Siegel studied at Jesus College, Cambridge, and at London’s Royal Academy of Dramatic Art. After a brief stint as an actor, he joined Warner Brothers studios near Hollywood as an assistant film librarian. He later worked as an editor before joining the studio’s montage department, where he contributed to Now, Voyager (1942), Casablanca (1942), and Yankee Doodle Dandy (1942), among other films.
Siegel’s first directorial efforts were the short films Star in the Night and Hitler Lives? (uncredited; both 1945); they both won Academy Awards and resulted in his graduating to features. His first was The Verdict (1946), a solid Scotland Yard period piece that was the eighth and last movie to feature the popular on-screen team of Sydney Greenstreet and Peter Lorre. Night unto Night was shot in 1947 but not released until 1949. The romantic drama featured Ronald Reagan as an epileptic scientist and Viveca Lindfors as a widow haunted by her late husband; Siegel and Lindfors were married from 1949 to 1954. He next made The Big Steal (1949), a lighthearted crime yarn that reunited Robert Mitchum and Jane Greer, the stars of Jacques Tourneur’s noir classic Out of the Past (1947). Although not up to that level, The Big Steal showed Siegel’s facility with hard-boiled action, the genre in which he would eventually make his reputation.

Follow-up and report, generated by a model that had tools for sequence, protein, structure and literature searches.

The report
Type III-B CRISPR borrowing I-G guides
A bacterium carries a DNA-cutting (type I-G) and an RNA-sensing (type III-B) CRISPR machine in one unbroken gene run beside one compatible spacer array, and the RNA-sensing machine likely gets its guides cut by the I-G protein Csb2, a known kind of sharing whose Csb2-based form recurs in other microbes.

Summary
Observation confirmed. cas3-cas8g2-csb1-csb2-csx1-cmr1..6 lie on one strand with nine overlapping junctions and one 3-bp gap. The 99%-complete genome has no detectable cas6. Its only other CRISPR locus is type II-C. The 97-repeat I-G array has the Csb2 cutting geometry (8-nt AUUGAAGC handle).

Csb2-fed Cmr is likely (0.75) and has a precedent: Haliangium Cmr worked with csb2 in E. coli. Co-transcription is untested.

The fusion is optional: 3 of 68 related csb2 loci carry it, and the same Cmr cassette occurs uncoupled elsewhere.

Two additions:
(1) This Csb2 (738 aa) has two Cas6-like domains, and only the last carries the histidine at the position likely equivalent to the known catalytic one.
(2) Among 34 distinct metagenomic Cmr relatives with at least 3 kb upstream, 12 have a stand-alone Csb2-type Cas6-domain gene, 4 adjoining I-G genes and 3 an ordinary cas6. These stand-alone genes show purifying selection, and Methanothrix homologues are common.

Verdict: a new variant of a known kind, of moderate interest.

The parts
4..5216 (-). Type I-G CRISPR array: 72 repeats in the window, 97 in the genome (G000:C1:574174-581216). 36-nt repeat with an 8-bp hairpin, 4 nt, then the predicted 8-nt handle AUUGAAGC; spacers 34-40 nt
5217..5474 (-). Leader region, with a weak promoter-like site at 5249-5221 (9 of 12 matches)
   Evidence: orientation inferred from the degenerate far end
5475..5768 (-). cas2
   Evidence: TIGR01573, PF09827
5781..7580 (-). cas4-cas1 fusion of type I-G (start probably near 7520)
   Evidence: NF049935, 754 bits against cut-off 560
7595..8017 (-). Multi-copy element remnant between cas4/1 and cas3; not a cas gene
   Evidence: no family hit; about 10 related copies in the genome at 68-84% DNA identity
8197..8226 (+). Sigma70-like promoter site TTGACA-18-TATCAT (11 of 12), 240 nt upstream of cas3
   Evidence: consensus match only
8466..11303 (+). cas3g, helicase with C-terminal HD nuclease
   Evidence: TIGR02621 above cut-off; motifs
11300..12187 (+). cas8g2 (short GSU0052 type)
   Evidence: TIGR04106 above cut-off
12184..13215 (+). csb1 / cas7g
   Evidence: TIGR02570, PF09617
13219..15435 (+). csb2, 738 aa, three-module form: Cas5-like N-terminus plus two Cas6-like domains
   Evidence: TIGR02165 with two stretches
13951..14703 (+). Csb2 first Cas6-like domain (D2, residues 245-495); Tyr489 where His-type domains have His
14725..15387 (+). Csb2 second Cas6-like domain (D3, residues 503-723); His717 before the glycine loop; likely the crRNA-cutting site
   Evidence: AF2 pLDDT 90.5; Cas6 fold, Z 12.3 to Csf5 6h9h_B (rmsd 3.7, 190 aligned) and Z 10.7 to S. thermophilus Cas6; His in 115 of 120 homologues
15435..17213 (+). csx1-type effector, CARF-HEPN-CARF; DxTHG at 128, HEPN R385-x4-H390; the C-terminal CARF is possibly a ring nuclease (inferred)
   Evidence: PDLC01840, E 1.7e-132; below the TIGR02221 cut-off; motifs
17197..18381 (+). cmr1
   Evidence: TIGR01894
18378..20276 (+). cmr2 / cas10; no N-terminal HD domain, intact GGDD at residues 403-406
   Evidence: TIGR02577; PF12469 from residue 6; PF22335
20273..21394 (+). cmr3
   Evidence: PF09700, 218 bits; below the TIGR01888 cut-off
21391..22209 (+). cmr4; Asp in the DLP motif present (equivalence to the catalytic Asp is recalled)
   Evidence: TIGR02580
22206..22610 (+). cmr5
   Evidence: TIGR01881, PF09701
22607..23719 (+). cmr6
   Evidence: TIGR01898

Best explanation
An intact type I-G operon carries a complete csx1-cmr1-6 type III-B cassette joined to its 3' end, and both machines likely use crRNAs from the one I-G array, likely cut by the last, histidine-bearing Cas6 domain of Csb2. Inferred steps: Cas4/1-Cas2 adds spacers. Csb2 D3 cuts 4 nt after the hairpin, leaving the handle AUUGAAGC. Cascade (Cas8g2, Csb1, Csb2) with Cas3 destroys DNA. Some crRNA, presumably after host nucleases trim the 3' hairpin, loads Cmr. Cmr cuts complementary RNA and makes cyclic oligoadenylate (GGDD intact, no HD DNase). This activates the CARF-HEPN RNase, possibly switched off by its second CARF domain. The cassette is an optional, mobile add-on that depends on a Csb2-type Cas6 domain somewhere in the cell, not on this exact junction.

First, however, Siegel struggled through The Duel at Silver Creek (1952), an uninspired Audie Murphy western; No Time for Flowers (1952), an unsatisfying rework of Ernst Lubitsch’s comedy classic Ninotchka (1939); and the fast-moving but far-fetched melodrama Count the Hours (1953), in which Macdonald Carey played an attorney defending a migrant worker (John Craven) who is wrongly convicted of murder. Siegel next made China Venture (1953), a middling World War II drama that pitted a U.S. Marine commando unit against Japanese soldiers.
In 1954 Siegel registered his first major critical and commercial success with Riot in Cell Block 11, a classic prison drama made for producer Walter Wanger, who